In the Musée de l’Orangerie, around the setting designed to diffuse the magic of the Water Lilies, how do you imagine the mental path from Claude Monet to your Matrices?
It is a wonderfully logical path! For his Water Lilies, Monet wanted an experience of total immersion in the painting. He therefore designed these oval rooms to present his paintings as a continuum. With my Matrices/Seating, hollow body-sized molds of letters, I offer an equally physical immersion in the space of language. Although they are one century apart, these two installations respond to each other. And what’s more, Cécile Debray, the director of the Orangerie, who approached me, described my Matrices as the “Water Lilies of language”!
The history of art is often present in your work. Is it not simpler to claim to start from scratch?
I don’t think we ever really start from scratch, especially as an artist. Personally, I enter into a dialogue with artists of the past as if they were present: what dates a work is the moment when it is seen, rather than the era when it was produced. This is how I reinterpreted Manet’s Olympia, by weaving into the iconic image all the synonyms for the word “woman,” drawn from the French language of the 12th to the 20th century. In this way I examine both the status of masterpieces of art as they have developed over time, and language, in permanent change.
The authors who inspire you are included into your works. Is this a way of responding to texts through paintings and forms?
For me, books are a physical landscape that I walk through and where I source ideas, words. Even in my studio in Ivry-sur-Seine, I like to move from the horizontal space of the page to the vertical space of the work wall. They act as communicating vessels. In the Matrices you find this idea of strolling through language, and in the Chromatic Matrices, the relationship with the chroma of the Water Lilies.
It is difficult to classify you within the compartmentalized categories of contemporary art. How have you managed to avoid this formatting?
I worked alone for much of my career, following my inspiration and observing the artists I liked and who often worked completely independently in relation to the trends of their time. To come back to Monet, he invented abstraction with his series of Cathedrals, without necessarily opposing figurative painting. Far from claiming to be avant-garde, he made this dichotomy already obsolete at the time. His only imperative was to get as near as possible to his vision, to represent what he had in mind in the best possible way. For the Water Lilies, he built ponds in order to paint them, before reproducing his vision in circular rooms — what freedom! And for us, the visitors, how liberating to be freed from pictorial conventions! As a result, I admit that I don’t worry too much about the notion of contemporary art.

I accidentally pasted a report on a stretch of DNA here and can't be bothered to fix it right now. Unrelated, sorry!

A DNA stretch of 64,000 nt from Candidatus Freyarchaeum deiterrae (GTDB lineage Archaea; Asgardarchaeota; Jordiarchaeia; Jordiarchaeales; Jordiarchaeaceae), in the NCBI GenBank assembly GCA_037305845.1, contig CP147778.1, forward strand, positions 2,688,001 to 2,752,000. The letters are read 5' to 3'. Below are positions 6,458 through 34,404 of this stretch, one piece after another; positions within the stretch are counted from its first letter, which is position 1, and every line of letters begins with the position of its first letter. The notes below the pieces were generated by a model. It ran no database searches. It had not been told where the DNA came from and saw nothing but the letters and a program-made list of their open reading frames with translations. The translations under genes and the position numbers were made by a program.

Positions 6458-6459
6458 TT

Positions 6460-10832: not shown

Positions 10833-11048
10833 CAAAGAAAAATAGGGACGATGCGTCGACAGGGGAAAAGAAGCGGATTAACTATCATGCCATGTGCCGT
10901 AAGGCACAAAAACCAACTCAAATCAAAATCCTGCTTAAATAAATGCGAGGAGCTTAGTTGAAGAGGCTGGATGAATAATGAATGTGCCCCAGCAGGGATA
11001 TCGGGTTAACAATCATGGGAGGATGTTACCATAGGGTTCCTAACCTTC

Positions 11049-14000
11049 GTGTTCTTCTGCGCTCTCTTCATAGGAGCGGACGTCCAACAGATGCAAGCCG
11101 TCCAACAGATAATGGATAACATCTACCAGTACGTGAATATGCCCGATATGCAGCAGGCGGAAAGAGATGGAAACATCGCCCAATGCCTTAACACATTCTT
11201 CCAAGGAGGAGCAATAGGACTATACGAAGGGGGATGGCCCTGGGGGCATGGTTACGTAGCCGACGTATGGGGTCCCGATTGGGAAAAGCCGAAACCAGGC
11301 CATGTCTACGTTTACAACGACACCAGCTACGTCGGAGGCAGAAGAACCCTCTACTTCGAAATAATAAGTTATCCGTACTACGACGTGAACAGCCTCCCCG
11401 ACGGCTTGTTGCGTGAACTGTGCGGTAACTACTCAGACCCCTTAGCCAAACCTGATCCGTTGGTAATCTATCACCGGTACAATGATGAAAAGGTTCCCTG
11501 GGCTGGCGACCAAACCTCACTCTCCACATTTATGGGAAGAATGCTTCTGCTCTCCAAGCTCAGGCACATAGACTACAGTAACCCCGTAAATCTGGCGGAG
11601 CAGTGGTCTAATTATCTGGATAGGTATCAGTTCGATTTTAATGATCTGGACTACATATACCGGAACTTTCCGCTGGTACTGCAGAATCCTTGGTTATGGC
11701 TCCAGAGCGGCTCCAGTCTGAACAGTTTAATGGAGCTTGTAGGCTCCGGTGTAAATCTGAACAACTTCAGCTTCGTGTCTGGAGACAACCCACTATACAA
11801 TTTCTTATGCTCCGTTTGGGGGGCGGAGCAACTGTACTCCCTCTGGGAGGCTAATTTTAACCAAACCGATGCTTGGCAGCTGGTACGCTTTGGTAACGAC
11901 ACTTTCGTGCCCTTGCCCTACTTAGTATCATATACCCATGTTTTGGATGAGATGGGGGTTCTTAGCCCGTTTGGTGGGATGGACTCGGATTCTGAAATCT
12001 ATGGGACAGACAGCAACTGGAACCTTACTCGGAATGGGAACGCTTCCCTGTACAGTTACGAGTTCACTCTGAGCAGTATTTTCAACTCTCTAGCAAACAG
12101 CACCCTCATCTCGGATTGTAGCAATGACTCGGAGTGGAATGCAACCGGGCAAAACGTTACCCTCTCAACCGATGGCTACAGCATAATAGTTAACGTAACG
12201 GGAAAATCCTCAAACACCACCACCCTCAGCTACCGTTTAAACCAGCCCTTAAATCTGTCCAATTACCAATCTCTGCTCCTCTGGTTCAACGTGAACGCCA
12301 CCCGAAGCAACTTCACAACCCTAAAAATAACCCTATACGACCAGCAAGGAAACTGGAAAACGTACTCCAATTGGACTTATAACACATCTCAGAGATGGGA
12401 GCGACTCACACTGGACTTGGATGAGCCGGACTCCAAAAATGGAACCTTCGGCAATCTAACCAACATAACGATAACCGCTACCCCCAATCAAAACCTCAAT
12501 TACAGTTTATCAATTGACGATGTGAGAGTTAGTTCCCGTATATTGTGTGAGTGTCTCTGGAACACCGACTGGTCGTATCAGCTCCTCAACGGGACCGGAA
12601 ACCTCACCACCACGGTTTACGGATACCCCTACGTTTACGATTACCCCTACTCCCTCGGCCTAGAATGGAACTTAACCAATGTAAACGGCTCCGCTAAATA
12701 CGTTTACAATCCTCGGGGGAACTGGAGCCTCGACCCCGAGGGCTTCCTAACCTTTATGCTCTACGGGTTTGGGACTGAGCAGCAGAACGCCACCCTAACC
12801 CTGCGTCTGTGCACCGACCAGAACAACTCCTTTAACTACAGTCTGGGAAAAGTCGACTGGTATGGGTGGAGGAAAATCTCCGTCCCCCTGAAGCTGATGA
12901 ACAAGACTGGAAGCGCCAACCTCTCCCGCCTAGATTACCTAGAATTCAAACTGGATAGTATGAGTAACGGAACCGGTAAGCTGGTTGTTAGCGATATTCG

Visitors will be invited to sit on your works. What does a work of art lose when it looks like furniture or a design and... what does it gain?
Indeed, my Matrices/Seating ask to be used, they can offer a welcome in a physical sense. This was deliberate, because language, in my opinion, has nothing abstract about it. It embodies reality. When facing the masterpieces in the Orangerie, the Matrices/Seating are designed to reactivate our ability to read them, that is to evaluate what is special about them and to experience their power. In addition, the fact that my sculptures look like furniture and are made in series enables them to reach a much wider public.
A woman yourself, you are investing an institution directed by a woman, thanks to the support of a woman patron. Is your arrival at the Orangerie also that of a feminist?
I have been a feminist since the day I asked my primary school teacher why there were so few women artists in museums, and she didn’t understand my question! The years have passed, but the statement still stands, and yes, it is as a feminist woman that I enter the Orangerie to install my artist’s work. It turns out that this invitation was due to the remarkable vision of Cécile Debray, director of the Musée de l’Orangerie, and to the long-term support of Sophie Javary, who persuaded her husband Alain to be involved. This female complicity adds to the beauty of the undertaking! In this respect, I hope that other women artists will find their place in prestigious locations.
Interview recorded by l’Agence Communic’Art